Future sea ice conditions and weather forecasts in the Arctic: Implications for Arctic shipping

Gascard, J.-C., and 7 others including J. Zhang, "Future sea ice conditions and weather forecasts in the Arctic: Implications for Arctic shipping," Ambio, 46, 35-367, doi:10.1007/s13280-017-0951-5, 2017

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1 Dec 2017

The ability to forecast sea ice (both extent and thickness) and weather conditions are the major factors when it comes to safe marine transportation in the Arctic Ocean. This paper presents findings focusing on sea ice and weather prediction in the Arctic Ocean for navigation purposes, in particular along the Northeast Passage. Based on comparison with the observed sea ice concentrations for validation, the best performing Earth system models from the Intergovernmental Panel on Climate Change (IPCC) program (CMIP5 — Coupled Model Intercomparison Project phase 5) were selected to provide ranges of potential future sea ice conditions. Our results showed that, despite a general tendency toward less sea ice cover in summer, internal variability will still be large and shipping along the Northeast Passage might still be hampered by sea ice blocking narrow passages. This will make sea ice forecasts on shorter time and space scales and Arctic weather prediction even more important.

A meteoric water budget for the Arctic Ocean

Alkire, M.B., J. Morison, A. Schweiger, J. Zhang, M. Steele, C. Peralta-Ferriz, and S. Dickinson, "A meteoric water budget for the Arctic Ocean," J. Geophys. Res., EOR, doi:10.1002/2017JC012807, 2017.

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6 Oct 2017

A budget of meteoric water (MW = river runoff, net precipitation minus evaporation, and glacial meltwater) over four regions of the Arctic Ocean is constructed using a simple box model, regional precipitation-evaporation estimates from reanalysis data sets, and estimates of import and export fluxes derived from the literature with a focus on the 2003–2008 period. The budget indicates an approximate/slightly positive balance between MW imports and exports (i.e., no change in storage); thus, the observed total freshwater increase observed during this time period likely resulted primarily from changes in non-MW freshwater components (i.e., increases in sea ice melt or Pacific water and/or a decrease in ice export). Further, our analysis indicates that the MW increase observed in the Canada Basin resulted from a spatial redistribution of MW over the Arctic Ocean. Mean residence times for MW were estimated for the Western Arctic (5–7 years), Eastern Arctic (3–4 years), and Lincoln Sea (1–2 years). The MW content over the Siberian shelves was estimated (~14,000 km3) based on a residence time of 3.5 years. The MW content over the entire Arctic Ocean was estimated to be ≥ 44,000 km3. The MW export through Fram Strait consisted mostly of water from the Eastern Arctic (3237 ± 1370 km3 yr-1) whereas the export through the Canadian Archipelago was nearly equally derived from both the Western Arctic (1182 ± 534 km3 yr-1) and Lincoln Sea (972 ± 391 km3 yr-1).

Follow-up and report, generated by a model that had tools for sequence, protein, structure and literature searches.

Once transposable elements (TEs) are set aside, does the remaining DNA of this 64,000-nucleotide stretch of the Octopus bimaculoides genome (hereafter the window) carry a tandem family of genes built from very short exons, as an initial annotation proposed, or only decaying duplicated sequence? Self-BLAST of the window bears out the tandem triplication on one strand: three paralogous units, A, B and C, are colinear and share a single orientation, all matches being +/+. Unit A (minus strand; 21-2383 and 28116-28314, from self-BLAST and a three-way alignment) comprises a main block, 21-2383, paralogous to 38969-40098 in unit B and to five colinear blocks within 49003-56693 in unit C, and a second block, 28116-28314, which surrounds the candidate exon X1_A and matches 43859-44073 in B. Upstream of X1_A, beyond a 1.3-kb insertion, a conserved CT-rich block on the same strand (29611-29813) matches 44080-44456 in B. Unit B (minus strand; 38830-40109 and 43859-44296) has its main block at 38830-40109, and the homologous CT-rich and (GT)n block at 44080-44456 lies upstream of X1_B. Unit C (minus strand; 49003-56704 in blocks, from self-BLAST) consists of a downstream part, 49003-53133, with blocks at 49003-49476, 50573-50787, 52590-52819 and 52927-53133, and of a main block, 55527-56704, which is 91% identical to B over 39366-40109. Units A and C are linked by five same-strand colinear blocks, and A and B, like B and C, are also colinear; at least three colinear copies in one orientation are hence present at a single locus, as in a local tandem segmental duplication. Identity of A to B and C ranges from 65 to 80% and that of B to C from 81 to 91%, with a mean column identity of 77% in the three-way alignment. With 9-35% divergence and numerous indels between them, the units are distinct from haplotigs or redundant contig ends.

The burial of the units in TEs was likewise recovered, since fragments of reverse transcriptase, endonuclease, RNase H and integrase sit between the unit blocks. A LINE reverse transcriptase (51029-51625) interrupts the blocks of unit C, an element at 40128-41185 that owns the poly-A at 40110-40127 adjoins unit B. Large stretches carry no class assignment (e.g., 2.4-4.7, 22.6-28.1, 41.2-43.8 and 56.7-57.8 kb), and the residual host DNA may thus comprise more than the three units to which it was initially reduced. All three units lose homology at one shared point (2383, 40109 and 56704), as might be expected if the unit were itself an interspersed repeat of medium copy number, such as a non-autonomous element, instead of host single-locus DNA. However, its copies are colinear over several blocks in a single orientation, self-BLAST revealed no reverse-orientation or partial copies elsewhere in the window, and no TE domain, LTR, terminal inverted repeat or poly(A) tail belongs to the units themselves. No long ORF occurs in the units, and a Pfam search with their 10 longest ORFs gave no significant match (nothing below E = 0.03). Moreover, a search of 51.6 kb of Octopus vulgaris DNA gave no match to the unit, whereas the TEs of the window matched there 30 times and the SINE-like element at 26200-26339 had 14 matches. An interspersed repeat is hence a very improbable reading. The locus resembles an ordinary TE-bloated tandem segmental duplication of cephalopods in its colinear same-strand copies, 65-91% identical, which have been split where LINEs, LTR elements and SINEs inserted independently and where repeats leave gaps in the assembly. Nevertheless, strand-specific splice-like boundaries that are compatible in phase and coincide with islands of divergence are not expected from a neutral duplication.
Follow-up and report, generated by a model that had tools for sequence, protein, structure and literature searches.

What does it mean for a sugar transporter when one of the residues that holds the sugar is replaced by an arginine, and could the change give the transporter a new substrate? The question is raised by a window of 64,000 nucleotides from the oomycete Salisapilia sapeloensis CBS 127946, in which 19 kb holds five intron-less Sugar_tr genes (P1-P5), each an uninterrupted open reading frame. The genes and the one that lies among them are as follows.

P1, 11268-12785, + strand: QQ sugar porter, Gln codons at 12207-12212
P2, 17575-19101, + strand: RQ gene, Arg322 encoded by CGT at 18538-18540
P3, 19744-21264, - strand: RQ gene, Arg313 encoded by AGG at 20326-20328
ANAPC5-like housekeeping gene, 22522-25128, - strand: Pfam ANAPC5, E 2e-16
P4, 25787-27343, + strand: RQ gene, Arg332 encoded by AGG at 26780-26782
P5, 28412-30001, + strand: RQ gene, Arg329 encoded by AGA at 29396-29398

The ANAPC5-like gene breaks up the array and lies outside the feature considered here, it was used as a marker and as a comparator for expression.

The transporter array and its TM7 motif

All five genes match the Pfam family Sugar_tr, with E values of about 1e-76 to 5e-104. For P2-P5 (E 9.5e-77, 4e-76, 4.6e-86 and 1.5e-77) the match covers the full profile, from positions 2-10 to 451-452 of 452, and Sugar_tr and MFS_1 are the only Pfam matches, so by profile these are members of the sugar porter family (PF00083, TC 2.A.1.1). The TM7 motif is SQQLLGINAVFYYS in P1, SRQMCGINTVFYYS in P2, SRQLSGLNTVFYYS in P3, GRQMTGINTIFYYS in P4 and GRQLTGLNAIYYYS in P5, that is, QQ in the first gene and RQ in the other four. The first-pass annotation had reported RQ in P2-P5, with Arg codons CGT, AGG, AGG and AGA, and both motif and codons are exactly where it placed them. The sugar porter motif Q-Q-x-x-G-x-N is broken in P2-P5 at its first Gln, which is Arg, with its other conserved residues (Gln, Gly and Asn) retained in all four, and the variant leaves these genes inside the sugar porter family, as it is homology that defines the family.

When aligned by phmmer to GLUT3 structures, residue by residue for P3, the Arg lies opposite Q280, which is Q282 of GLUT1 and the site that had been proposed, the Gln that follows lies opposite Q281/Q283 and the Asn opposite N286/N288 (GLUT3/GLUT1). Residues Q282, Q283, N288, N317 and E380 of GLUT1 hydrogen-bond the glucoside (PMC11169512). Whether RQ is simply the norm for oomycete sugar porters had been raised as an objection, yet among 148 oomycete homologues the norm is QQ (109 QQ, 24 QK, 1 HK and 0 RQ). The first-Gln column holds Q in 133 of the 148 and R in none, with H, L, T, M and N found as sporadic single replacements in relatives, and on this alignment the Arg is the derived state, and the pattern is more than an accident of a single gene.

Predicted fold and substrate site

More Publications

In The News

Arctic sea ice volume, now tracking record low, stars in data visualization

UW News and Information, Hannah Hickey

The Pan-Arctic Ice Ocean Modeling and Assimilation System (PIOMAS) combines weather observations, sea-surface temperature and satellite pictures of ice coverage to compute ice volume and then compares that with on-the-ground measurements. PIOMAS ice numbers starred in an animated graphic posted this week by a climate scientist at the University of Reading.

7 Jul 2016

UW researchers attend sea ice conference — above the Arctic Circle

UW News and Information, Hannah Hickey

University of Washington polar scientists are on Alaska’s North Slope this week for the 2016 Barrow Sea Ice Camp. Supported by the National Science Foundation, the event brings together U.S.-based sea ice observers, satellite experts and modelers at various career stages to collect data and discuss issues related to measuring and modeling sea ice. The goal is to integrate the research community in order to better observe and understand the changes in Arctic sea ice.

1 Jun 2016

Antarctic sea ice his 35-year record high Saturday

The Washington Post Blogs, Jason Samenow

Antarctic sea ice has grown to a record large extent for a second straight year, baffling scientists seeking to understand why this ice is expanding rather than shrinking in a warming world.

23 Sep 2013

More News Items